Washington first called on all Americans to celebrate Thanksgiving as a nation in 1789. He asked everyone to gather on the last Thursday of the month of November. Some Members of the Congress objected.
They said that the official day of Thanksgiving is NOT up to the President, but is up to the individual State Governors. To stay on the safe side, Washington made a request for this day to be declared as Thanksgiving, but did not declare it as an order. Everyone went with it anyway.
To make your celebration even more meaningful, here are a few Thanksgiving quotes worth pondering on:
“Thanksgiving Day is a jewel, to set in the hearts of honest men; but be careful that you do not take the day, and leave out the gratitude.” – E.P. Powell
“When I started counting my blessings, my whole life turned around.” – Willie Nelson
“Gratitude is what you feel. Thanksgiving is what you do.” – Timothy J. Keller
“Don’t wait until the fourth Thursday in November, to sit with family and friends to give thanks. Make every day a day of Thanksgiving!” – Charmaine J. Forde
“Giving thanks fills you with light and joy so you can shine like the bright star you truly are.” – Amy Leigh Mercree
“I pray for you, that all your misgivings will be melted to thanksgivings.” – Jim Elliot
“Thanksgiving dinners take eighteen hours to prepare. They are consumed in twelve minutes. Half-times take twelve minutes. This is not coincidence.” – Erma Bombeck
“Forever on Thanksgiving Day the heart will find the pathway home.” – Wilbur D. Nesbit
“Not what we say about our blessings, but how we use them, is the true measure of our thanksgiving.” – W.T. Purkiser
“Gratitude can transform common days into thanksgivings, turn routine jobs into joy, and change ordinary opportunities into blessings.” – William Arthur Ward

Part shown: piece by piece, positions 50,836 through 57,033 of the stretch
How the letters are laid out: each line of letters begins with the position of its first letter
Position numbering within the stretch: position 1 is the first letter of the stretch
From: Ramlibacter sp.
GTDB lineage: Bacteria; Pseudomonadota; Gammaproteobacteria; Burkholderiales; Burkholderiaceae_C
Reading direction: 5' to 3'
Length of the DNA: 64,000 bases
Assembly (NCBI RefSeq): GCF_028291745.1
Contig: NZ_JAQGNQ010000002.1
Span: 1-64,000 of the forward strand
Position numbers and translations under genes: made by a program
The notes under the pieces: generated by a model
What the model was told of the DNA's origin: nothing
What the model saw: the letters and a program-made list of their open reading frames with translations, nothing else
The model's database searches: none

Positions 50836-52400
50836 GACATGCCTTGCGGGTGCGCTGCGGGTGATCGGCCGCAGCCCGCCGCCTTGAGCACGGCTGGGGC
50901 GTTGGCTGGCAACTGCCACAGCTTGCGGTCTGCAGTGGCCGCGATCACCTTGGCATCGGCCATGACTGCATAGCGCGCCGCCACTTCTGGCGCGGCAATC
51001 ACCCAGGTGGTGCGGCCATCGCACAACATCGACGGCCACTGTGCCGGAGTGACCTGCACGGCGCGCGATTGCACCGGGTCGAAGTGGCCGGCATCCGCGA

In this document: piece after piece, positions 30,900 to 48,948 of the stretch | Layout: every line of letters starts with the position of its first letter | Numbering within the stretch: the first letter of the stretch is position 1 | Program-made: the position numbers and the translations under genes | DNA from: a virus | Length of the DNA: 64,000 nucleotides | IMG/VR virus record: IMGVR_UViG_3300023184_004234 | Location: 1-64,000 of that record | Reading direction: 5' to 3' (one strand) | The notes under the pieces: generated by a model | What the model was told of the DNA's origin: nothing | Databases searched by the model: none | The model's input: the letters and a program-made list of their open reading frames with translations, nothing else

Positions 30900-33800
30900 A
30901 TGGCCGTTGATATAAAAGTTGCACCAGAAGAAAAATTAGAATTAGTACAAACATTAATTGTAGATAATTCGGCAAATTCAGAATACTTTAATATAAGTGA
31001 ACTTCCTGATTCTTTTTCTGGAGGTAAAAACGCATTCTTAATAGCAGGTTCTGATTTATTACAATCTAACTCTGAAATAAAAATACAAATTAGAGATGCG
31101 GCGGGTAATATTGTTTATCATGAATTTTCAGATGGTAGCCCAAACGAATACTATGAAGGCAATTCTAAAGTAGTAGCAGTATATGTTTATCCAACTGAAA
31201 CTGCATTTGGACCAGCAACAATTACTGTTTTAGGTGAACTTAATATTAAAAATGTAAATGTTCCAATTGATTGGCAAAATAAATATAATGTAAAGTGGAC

“Thankfulness creates gratitude which generates contentment that causes peace.” – Todd Stocker
“We must find time to stop and thank the people who make a difference in our lives.” – John F. Kennedy
“Be thankful for what you have; you’ll end up having more. If you concentrate on what you don’t have, you will never, ever have enough.” – Oprah Winfrey
“I am grateful for what I am and have. My thanksgiving is perpetual.” – Henry David Thoreau
“After a good dinner, one can forgive anybody, even one’s own relations.” – Oscar Wilde
“Gratitude unlocks the fullness of life.” – Melody Beattie
“If a fellow isn’t thankful for what he’s got, he isn’t likely to be thankful for what he’s going to get.” – Frank A. Clark
“Small cheer and great welcome makes a merry feast.” – William Shakespeare
“Things turn out best for people who make the best of the way things turn out.” – John Wooden
“Now is no time to think of what you do not have. Think of what you can do with what there is.” – Ernest Hemingway
“The struggle ends when gratitude begins.” – Neale Donald Walsh
“We would worry less if we praised more. Thanksgiving is the enemy of discontent and dissatisfaction.” – Harry Ironside
“The unthankful heart discovers no mercies; but the thankful heart will find, in every hour, some heavenly blessings.” – Henry Ward Beecher
“I would maintain that thanks are the highest form of thought, and that gratitude is happiness doubled by wonder.” – G.K. Chesterton
“We can always find something to be thankful for, and there may be reasons why we ought to be thankful for even those dispensations which appear dark and frowning.” – Albert Barnes
“Thanksgiving is a very important holiday. Ours was the first country in the world to make a national holiday to give thanks.” – Linus
“But Thanksgiving is more than eating, Chuck. You heard what Linus was saying out there. Those pilgrims were thankful for what had happened to them, and we should be thankful, too.” – Marcy
“An attitude of gratitude brings great things.” – Yogi Bhajan
“I come from a family where gravy is considered a beverage.” – Erma Bombeck
“Let gratitude be the pillow upon which you kneel to say your nightly prayer. And let faith be the bridge you build to overcome evil and welcome good.” – Maya Angelou